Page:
This year following InfoComm I wrote an article that was met with a certain amount of adoration and utter disdain.

I, perhaps the only writer in the industry to do it, had some less than wonderful things to say about the InfoComm show.

Not about the show itself, as always it was first class, but instead about the business, industry and utter lack of innovation taking place.

I’ve said it before and I will say it again, technology is passing this business by and while sales and integration may not support that, the leading indicators of tech usage and adoption are most visible in today’s growing number of consumers who have almost no interest in sitting in meeting rooms anymore and furthermore would prefer to consume content almost exclusively on their mobile devices.

In just the past year, the number of households that have gone broadband has only grown by more than 100%, to 2.6m from just 1.1m a year ago.

While this may seem like a relatively small percentage of total U.S. households, this rapid growth is showing the consumer preference toward absorbing content on their mobile devices and PCs rather than on their televisions or big screens.

Making the direct correlation to AV systems may be difficult for some people. But let’s make the connection using some other trends that have shown the power of consumerisation.

• The DVD. Blockbuster never saw the movement to streaming. Even their evolution was to copy Netflix DVD-in-the-mail service. Netflix saw what was next. When was the last time you rented a DVD?

• Digital Photography. Other than photographers, anyone carrying one of those around? Kodak missed this completely, we take more photos than ever now, but who’s using film or printing pictures?

• The Mobile Phone. The chip in the phone in our pocket is likely more powerful than your laptop or PC of just two to three years ago. Apple or Microsoft, the iPad and Surface can both outperform your 2013 Desktop.

• The Cloud. Any companies building out data centres to store files or run programs? Maybe if you are F500, government or a hospital. But even they are using the cloud.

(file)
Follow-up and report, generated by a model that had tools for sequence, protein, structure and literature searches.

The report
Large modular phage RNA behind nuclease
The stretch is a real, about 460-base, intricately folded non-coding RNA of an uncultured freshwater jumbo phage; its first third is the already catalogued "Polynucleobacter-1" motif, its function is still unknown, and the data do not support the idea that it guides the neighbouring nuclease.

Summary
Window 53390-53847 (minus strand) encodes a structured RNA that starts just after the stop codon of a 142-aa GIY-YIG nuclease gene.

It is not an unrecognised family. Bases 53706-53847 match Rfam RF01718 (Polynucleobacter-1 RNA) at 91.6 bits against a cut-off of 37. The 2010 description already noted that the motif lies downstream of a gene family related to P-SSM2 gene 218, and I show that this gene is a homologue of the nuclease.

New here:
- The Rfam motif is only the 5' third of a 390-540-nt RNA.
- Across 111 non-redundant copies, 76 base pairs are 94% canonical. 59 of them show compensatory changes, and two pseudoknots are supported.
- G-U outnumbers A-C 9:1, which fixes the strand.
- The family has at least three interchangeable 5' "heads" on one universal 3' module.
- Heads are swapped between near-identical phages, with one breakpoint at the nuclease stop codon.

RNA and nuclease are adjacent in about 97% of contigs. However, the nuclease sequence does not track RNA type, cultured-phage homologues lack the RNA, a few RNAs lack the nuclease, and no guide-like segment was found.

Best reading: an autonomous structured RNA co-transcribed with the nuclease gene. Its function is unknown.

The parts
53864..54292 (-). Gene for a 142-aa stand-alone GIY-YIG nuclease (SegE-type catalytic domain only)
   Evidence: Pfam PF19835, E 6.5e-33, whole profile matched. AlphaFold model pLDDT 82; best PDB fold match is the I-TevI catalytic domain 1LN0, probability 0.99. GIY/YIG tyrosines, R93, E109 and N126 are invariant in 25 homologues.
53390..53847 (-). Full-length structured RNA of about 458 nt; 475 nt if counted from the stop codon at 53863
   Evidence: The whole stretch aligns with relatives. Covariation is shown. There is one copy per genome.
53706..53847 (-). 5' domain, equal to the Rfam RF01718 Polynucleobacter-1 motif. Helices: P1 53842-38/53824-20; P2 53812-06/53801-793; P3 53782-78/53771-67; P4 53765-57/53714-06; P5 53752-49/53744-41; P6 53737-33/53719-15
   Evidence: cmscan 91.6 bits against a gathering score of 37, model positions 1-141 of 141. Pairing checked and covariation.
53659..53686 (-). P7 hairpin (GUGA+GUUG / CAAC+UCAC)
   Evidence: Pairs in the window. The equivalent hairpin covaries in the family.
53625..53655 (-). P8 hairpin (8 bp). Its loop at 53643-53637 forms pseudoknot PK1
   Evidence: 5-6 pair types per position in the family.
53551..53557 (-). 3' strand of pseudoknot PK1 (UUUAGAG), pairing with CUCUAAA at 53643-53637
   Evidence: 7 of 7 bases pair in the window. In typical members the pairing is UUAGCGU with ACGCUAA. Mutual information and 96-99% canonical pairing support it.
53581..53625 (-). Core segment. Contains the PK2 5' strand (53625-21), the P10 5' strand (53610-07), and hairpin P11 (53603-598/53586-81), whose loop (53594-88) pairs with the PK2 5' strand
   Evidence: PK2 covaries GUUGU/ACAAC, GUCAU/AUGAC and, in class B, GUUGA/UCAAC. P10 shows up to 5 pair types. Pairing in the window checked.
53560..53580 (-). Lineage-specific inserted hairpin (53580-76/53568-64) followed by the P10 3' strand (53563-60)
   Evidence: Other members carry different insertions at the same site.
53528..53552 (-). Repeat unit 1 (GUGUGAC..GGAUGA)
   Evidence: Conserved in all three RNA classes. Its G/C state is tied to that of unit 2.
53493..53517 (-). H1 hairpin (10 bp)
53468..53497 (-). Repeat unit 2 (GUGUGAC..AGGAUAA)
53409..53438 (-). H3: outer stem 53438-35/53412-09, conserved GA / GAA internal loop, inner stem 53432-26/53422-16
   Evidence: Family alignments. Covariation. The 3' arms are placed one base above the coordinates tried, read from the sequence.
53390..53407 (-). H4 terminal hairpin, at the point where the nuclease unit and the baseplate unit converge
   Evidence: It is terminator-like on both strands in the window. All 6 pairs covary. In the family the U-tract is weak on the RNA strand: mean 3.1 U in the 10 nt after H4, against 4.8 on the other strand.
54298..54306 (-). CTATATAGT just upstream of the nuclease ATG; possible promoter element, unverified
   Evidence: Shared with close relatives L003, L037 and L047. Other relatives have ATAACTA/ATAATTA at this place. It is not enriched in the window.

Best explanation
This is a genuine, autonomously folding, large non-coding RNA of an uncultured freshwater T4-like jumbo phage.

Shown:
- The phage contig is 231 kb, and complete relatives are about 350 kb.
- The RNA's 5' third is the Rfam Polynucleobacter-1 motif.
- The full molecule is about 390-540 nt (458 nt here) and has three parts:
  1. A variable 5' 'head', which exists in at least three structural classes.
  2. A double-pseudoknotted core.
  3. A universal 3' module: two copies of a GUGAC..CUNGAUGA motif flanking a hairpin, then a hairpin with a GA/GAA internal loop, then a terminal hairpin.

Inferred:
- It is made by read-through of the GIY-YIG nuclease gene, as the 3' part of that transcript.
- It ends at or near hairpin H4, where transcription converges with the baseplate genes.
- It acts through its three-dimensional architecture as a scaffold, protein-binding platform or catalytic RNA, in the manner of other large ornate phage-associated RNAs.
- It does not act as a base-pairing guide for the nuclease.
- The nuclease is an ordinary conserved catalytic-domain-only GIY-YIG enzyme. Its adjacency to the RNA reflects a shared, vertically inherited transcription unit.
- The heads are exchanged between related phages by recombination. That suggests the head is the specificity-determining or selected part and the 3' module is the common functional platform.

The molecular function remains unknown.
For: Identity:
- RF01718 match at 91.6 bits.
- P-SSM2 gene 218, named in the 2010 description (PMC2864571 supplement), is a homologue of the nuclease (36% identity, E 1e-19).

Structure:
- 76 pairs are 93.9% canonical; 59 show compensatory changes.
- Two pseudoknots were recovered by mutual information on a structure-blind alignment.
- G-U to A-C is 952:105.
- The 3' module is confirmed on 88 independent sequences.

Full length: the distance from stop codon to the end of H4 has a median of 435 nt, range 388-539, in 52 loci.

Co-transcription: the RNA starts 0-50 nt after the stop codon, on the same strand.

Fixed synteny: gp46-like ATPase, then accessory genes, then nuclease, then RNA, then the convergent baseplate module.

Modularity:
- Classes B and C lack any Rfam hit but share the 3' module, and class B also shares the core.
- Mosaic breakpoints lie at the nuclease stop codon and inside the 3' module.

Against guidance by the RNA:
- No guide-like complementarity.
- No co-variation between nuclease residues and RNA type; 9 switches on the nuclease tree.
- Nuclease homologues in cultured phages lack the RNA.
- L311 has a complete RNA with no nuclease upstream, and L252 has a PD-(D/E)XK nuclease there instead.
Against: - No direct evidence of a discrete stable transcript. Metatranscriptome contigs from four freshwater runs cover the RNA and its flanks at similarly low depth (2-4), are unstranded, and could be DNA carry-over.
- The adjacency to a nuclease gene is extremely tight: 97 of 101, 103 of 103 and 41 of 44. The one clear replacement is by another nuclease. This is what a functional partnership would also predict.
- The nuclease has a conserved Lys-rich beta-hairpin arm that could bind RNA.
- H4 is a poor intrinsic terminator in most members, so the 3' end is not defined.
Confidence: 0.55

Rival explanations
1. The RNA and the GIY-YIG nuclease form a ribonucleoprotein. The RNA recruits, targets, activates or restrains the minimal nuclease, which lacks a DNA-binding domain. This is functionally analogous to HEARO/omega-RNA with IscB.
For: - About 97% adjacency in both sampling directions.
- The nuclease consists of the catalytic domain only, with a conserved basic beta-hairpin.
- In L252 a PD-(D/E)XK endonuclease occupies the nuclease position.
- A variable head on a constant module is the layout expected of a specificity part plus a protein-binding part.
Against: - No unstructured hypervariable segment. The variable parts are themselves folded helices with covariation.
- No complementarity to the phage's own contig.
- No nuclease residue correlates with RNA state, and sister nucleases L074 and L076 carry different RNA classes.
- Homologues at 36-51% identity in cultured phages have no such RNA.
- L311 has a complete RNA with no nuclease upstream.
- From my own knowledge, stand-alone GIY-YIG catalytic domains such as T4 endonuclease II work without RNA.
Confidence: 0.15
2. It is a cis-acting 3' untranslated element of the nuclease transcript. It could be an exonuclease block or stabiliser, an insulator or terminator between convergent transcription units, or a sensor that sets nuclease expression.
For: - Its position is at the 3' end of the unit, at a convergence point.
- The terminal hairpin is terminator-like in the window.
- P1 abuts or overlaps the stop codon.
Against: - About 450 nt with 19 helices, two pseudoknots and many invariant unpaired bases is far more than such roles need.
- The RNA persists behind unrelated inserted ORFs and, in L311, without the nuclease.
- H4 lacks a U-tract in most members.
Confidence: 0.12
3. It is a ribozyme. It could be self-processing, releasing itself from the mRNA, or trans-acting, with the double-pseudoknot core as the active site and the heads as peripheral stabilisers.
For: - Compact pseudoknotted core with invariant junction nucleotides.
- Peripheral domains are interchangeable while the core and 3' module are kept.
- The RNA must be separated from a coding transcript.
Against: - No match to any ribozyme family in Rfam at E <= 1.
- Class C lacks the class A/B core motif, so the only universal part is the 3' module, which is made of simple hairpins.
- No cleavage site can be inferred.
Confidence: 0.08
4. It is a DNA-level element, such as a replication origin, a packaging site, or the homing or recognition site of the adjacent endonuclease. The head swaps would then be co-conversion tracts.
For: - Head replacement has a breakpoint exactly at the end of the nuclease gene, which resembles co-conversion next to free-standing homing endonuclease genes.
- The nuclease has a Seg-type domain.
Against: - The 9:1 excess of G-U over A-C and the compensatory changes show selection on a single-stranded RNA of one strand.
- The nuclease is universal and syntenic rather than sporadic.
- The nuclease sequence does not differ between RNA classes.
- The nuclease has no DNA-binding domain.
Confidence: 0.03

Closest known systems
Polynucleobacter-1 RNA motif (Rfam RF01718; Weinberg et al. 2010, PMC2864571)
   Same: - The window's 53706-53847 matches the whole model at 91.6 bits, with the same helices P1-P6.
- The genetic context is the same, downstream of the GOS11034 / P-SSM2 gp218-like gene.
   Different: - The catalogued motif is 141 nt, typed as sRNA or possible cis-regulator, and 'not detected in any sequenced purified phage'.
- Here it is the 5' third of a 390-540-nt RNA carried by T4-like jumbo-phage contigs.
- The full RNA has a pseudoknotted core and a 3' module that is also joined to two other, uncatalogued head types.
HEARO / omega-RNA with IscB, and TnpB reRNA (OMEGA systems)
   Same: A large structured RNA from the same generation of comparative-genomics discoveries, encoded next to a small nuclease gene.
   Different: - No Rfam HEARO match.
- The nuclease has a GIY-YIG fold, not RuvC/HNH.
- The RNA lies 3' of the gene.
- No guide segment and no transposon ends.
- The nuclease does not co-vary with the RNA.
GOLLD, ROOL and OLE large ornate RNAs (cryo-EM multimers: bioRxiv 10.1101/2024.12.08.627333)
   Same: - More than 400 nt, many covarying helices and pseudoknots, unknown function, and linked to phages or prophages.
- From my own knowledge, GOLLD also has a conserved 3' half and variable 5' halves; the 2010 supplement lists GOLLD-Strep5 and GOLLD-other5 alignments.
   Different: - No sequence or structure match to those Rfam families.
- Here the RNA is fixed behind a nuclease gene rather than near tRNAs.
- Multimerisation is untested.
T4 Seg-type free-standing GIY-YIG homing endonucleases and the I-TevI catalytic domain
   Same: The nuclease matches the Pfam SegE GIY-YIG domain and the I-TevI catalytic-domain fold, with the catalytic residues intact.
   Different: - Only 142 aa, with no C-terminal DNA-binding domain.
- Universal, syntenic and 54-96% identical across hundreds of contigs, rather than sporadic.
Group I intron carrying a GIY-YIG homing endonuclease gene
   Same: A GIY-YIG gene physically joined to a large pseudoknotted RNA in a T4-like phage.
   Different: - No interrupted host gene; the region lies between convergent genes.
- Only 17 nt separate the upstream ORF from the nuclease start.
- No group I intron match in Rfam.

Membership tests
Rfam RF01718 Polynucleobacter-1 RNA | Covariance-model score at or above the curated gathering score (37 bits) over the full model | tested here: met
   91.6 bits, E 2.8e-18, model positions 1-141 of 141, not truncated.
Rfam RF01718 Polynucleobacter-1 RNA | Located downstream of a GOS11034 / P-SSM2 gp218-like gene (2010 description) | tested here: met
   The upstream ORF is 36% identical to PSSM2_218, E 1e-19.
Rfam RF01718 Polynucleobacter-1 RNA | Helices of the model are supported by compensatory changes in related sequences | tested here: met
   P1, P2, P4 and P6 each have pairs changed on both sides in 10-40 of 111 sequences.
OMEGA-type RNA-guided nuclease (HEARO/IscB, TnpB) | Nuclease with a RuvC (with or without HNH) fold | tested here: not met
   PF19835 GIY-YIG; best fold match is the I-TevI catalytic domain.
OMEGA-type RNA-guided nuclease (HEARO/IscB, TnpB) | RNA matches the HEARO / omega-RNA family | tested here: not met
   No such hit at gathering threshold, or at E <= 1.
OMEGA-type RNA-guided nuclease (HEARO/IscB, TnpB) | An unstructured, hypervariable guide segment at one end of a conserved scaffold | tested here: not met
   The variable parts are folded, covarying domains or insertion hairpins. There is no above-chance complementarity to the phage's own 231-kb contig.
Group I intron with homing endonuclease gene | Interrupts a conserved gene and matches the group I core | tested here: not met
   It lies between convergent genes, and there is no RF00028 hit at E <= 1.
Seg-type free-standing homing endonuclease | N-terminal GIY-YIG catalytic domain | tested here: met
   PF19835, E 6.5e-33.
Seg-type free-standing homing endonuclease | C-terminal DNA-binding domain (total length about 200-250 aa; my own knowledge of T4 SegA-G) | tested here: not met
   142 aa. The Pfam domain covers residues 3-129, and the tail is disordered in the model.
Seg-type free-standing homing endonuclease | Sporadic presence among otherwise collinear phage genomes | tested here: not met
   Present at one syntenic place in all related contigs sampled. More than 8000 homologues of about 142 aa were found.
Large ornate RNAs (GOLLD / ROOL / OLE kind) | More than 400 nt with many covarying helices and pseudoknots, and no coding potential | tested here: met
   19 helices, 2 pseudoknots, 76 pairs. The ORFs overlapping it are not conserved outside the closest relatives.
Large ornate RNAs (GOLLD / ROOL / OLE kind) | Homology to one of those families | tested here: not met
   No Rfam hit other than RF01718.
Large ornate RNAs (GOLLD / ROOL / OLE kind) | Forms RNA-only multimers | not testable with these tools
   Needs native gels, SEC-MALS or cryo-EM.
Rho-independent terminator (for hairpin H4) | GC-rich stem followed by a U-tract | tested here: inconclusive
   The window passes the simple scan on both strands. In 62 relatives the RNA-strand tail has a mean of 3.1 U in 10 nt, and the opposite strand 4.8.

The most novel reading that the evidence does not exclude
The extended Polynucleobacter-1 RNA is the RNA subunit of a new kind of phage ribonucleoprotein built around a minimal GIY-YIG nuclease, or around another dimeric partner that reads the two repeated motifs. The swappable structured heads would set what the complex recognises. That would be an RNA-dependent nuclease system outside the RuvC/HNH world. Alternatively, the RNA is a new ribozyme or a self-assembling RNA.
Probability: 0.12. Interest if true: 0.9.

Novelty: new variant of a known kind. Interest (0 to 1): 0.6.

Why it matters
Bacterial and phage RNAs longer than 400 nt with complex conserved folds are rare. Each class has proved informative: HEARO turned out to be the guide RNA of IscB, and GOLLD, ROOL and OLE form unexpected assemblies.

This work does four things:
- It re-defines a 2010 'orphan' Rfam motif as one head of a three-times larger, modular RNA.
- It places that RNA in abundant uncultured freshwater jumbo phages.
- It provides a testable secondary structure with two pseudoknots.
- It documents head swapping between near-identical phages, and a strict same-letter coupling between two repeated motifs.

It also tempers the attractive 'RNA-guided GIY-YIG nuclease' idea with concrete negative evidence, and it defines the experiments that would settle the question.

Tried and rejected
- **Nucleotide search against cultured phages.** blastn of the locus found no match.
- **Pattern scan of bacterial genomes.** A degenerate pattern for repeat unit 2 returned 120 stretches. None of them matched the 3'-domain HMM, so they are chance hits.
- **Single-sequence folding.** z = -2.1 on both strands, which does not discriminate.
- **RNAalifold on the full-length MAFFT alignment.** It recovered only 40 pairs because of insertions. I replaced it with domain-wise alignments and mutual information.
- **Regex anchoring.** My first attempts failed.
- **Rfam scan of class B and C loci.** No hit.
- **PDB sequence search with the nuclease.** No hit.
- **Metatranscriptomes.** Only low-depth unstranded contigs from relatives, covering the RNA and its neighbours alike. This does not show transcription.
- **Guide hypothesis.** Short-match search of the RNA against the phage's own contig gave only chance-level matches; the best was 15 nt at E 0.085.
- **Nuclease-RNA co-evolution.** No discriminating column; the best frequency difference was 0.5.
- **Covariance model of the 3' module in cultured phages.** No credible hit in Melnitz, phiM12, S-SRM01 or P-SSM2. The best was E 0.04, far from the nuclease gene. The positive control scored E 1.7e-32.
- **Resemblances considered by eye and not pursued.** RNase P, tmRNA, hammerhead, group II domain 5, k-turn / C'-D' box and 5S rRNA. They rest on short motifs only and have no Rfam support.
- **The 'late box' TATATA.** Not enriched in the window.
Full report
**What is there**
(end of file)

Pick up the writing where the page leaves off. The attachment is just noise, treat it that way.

So does the transformation of media from disc to hard-drive, the near elimination of dedicated appliances, the removal of on-premise hardware to run business applications and the capability of all of your computing needs to be run off of a device that can fit in your pocket indicate that maybe the systems-based approach of the AV industry has its days numbered?

Like I said, I have no doubt that this industry has an important place in business communications, however, I am steadfast in my belief that integrators cannot ignore the bigger trends like those I mentioned above.

In every solution designed and deployed, cloud, mobile, big data and social are critical. Technology leaders of schools, corporations and government are going to be concerned with not only these trends, but having integration partners that understand acutely the security, privacy and accessibility of their solutions based upon these trends.

With mobile devices and Internet reaching the hands of billions, with more in the years to come, it isn’t only risky, but downright foolish to ignore the direction of the greater industry trends when thinking about new products, solutions, training and education required for an industry that has largely made its money the same way for more than 30 years.

I’ll take my lumps for laying this out there. But I stand by the fact that this is exactly what our industry needs to hear if we plan to evolve and grow the way we need to.

More from InfoComm 2015

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